Few months ago, several major news outlets reported about the case when a young Black man was falsely accused of trying to deposit fraudulent check in a bank, an incident that escalated when the bank manager called police and wrongfully arrested the man even though the bank didn’t properly conduct all the procedures to see if the check was genuine. Later, it turned out everything was fine and people were outraged seeing the video of the incident.
A similar incident that happened last October and was brought to the light of the day few days ago by 12 News, sparked debate online how Black people are being treated in banks across the country. According to the local TV station, the victim was again, a Black man, and he was wrongfully accused of trying to deposit fake check.
The incident happened at a PC Federal Credit Union location in Arizona few months ago when A. Brewer attempted to deposit a $3,200 check. What should have been just a regular check deposit, ended up to be a nightmare for Brewer as he wrongfully became a victim of what he says was a racially profiled case since only one single call could have changed everything.
While Brewer was waiting in the bank to get his check deposited, the bank manager called the police reporting Brewer for trying to deposit a fake check. In fact, the bank would later admit that the authenticity of the check was “inconclusive.” But the manager didn’t tell police that when he called 911.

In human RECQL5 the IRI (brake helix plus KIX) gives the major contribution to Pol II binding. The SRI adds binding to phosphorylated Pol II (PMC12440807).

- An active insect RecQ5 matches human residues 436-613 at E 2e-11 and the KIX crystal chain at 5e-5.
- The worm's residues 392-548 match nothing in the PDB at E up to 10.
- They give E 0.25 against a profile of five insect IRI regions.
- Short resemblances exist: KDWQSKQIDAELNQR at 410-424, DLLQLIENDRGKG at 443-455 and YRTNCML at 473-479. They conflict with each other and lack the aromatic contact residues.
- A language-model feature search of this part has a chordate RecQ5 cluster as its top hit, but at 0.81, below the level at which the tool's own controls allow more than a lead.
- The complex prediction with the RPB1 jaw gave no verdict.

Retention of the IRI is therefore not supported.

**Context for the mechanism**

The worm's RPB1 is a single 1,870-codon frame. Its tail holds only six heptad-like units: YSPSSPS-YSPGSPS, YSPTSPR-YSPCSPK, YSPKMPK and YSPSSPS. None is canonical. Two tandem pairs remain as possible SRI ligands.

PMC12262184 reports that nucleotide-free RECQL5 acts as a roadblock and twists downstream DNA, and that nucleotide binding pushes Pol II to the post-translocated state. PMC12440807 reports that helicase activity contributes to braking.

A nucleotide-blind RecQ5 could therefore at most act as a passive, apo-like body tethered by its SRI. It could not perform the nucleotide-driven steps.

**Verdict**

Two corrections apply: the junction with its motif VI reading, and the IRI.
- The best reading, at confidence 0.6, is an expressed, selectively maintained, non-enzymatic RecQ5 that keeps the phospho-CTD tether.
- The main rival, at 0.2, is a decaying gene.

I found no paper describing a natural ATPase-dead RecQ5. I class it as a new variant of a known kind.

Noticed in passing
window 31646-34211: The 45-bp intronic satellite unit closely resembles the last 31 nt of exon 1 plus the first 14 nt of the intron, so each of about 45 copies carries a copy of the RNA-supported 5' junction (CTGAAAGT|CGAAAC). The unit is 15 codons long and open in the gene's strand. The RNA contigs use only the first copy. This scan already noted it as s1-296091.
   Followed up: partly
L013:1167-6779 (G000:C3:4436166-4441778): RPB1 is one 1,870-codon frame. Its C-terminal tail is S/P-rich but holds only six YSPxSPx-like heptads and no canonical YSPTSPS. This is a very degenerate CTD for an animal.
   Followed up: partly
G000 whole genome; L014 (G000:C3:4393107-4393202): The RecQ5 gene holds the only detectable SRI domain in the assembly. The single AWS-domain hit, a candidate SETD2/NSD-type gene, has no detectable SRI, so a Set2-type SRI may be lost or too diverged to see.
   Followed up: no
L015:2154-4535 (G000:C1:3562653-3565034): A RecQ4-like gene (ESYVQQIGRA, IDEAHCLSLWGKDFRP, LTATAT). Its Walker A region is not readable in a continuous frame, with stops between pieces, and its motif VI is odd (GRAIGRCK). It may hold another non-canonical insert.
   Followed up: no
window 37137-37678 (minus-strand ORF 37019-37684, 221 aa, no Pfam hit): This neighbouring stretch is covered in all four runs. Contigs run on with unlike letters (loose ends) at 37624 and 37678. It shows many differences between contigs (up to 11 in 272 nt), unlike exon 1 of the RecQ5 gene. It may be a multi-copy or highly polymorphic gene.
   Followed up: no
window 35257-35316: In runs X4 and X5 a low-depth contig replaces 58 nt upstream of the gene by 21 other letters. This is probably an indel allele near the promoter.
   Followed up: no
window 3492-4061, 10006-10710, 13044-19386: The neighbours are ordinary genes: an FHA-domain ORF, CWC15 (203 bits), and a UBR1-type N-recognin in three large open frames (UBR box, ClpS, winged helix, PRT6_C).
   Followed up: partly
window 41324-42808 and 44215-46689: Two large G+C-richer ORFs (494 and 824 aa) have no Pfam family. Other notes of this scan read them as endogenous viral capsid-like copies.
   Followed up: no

According to Brewer, he sold a boat to a woman and she decided to pay with a check. He contacted his own bank and he was told to take the check and cash it in to the woman’s bank if he wanted to access the funds faster and avoid longer waiting times. Once he arrived at the credit union location, Brewer said the teller “kind of looked surprised” when he explained them what he was told by his own bank.
The teller ran Brewer’s check using a 3rd party verification system, but the results came out inconclusive. That’s when the teller informed the manager who immediately called the police. In a matter of minutes, the officers arrived at the scene and started questioning Brewer about what had happened.
They were already ten minutes there questioning the then suspect when one of the credit union employees informed Brewer and the officers they contacted their customer, the woman who wrote the check, and she confirmed the check was genuine. Brewer believes he was racially profiled because he is a Black man with tattoos and the credit union employees should have called the woman prior to calling the police and avoid what later happened.
“It was just, ‘oh, you know, Black guy locks in his hair, tattoos came on a Harley, you know, let’s assume the worst,’” Brewer said. “Why embarrass somebody like that? Why, you know, make them feel less than a man,” Brewer asked.
In a statement released after the incident, the credit union said the check had “red flags” such as an old credit union logo along with a routing and account number that didn’t match their member’s information. But M. Whitaker, an owner of a company that trains financial facilities to avoid these situations, says the employees made mistake in this case and they should have contacted the woman who wrote the check before calling police.
“That person could’ve been called immediately before anyone called the police. So why escalate that at that point?” Whitaker said. “He [Brewer] was racially profiled.”